Warfield Air National Guard Base, Md. --
During a recent election, bad actors accessed the public facing website that was tracking Presidential election results and changed the results the public was seeing in real-time, which skewed in favor of the losing candidate. In the background, cyber operators were fighting back against the bad actors, who were trying to delegitimize the election results.
Fortunately, these events were unfolding during an offensive and defensive cyber exercise called Cyber Blitz 22-3 with cyber professionals from the Maryland National Guard at Warfield Air National Guard Base located at Martin State Airport here.
The Cyber Blitz exercise is a constantly evolving cyber exercise, which aims to deliver realistic offensive operations and adversarial effects against cyber protection team elements conducting defensive operations on a virtual network.
The exercise participants were split into four cells: white, red, blue, and black. Each team had their own responsibilities and roles during the exercise but exercise planners wanted all of the teams to work together to reach their mission objectives.
The aggressors, who were attempting to gain access to private networks, were on the red team. They used the tools that are available to them to try and disrupt day-to-day operations.
“The red team is trying to infiltrate the network using open source tools to validate their skill sets,” explained U.S. Air Force Capt. Brandon Krantz, cyber officer assigned to the 275th Operations Support Squadron. “They leave artifacts as evidence of their actions.”
The blue team is the defender of the network and is working against the red team to ensure those bad actors do not infiltrate their networks.
“The blue team is working to secure the network through network hardening techniques such as using firewalls, network devices, and port security,” explained Krantz. “The goal is to only leave open the necessary ports and applications for the end user to perform their day-to-day tasks while minimizing the overall attack surface.”
The white cell, which was led by U.S. Army 1st Lt. Clarence Nowell, the mission element lead from the 169th Cyber Protection Team, Maryland Army National Guard, was responsible for coordinating the action between the other cells participating in the exercise.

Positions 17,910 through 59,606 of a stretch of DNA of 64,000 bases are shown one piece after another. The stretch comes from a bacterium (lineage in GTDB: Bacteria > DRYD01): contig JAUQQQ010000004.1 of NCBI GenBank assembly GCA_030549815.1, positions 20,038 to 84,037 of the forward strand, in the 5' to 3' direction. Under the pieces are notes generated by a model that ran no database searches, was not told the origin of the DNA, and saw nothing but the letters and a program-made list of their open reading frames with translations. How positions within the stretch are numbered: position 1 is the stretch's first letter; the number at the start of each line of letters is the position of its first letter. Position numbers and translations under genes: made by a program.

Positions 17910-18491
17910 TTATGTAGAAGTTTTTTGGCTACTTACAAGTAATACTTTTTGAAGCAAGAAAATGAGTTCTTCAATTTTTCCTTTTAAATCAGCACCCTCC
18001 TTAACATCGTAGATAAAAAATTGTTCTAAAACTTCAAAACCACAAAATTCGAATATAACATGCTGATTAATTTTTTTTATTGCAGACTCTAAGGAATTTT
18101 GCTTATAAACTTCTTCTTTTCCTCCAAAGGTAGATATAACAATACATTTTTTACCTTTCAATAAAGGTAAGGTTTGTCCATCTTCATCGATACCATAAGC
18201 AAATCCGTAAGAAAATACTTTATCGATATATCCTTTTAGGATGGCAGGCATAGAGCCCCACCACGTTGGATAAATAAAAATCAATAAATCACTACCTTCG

“We wanted to create an exercise where all of the teams were working together,” explained Nowell. “A lot of times during exercises and even real-world activities we tend to work in a silo and we wanted to get away from that.”
The Cyber Blitz training environment, which was created using the CATTS system from CyberCents that was originally created to exclusively host offensive cyber operations, was created and monitored by the black cell. Mr. Dorsey Bohan, cyber support analyst assigned to the 275th Operations Support Squadron, led that team.
“We test everything beforehand to make sure the attackers’ and defenders' access to the network allows them to do their jobs,” explained Bohan. “During the last Cyber Blitz, we used our CATTS system, which is designed to be used as an automated attack [network] but we configured it for this exercise to have a live red and intel team on it.”
The evolution of the annual cyber exercise was evident during this iteration as participants came from the Maryland Air National Guard’s 175th Cyberspace Operations Group and 135th Intelligence Squadron and the Maryland Army National Guard’s 169th Cyber Protection Team and 110th Information Operations Battalion.
“The integration of the Army and Air has been key to understanding different techniques and terminology that is used between the branches of service,” said U.S. Air Force Maj. Charles Gruver, 275th Operations Support Squadron flight commander of current operations. “When we get ready to deploy, we will normally be working in a joint environment, so this exercise is great preparation for future operations.”
On the final day of the exercise, leadership from the National Guard Bureau Cyber Division were present for the out-briefing and were able to learn about the ever-growing exercise at the 175th Wing.
One of the visitors, U.S. Air Force Col. Joed Carbonell, Cyber Division (J36) chief and former 175th Cyberspace Operations Group deputy commander, expressed his excitement at the evolution of the Cyber Blitz exercise.
“So it started as only exercise and it was really tough getting other squadrons to participate,” said Carbonell. “And now, fast forward to today, not only do you have players from outside of the wing but now you have a completely joint-integrated and self-generated exercise that they do every two months. This is what the guard does and I am continuously blown away with how they do it.”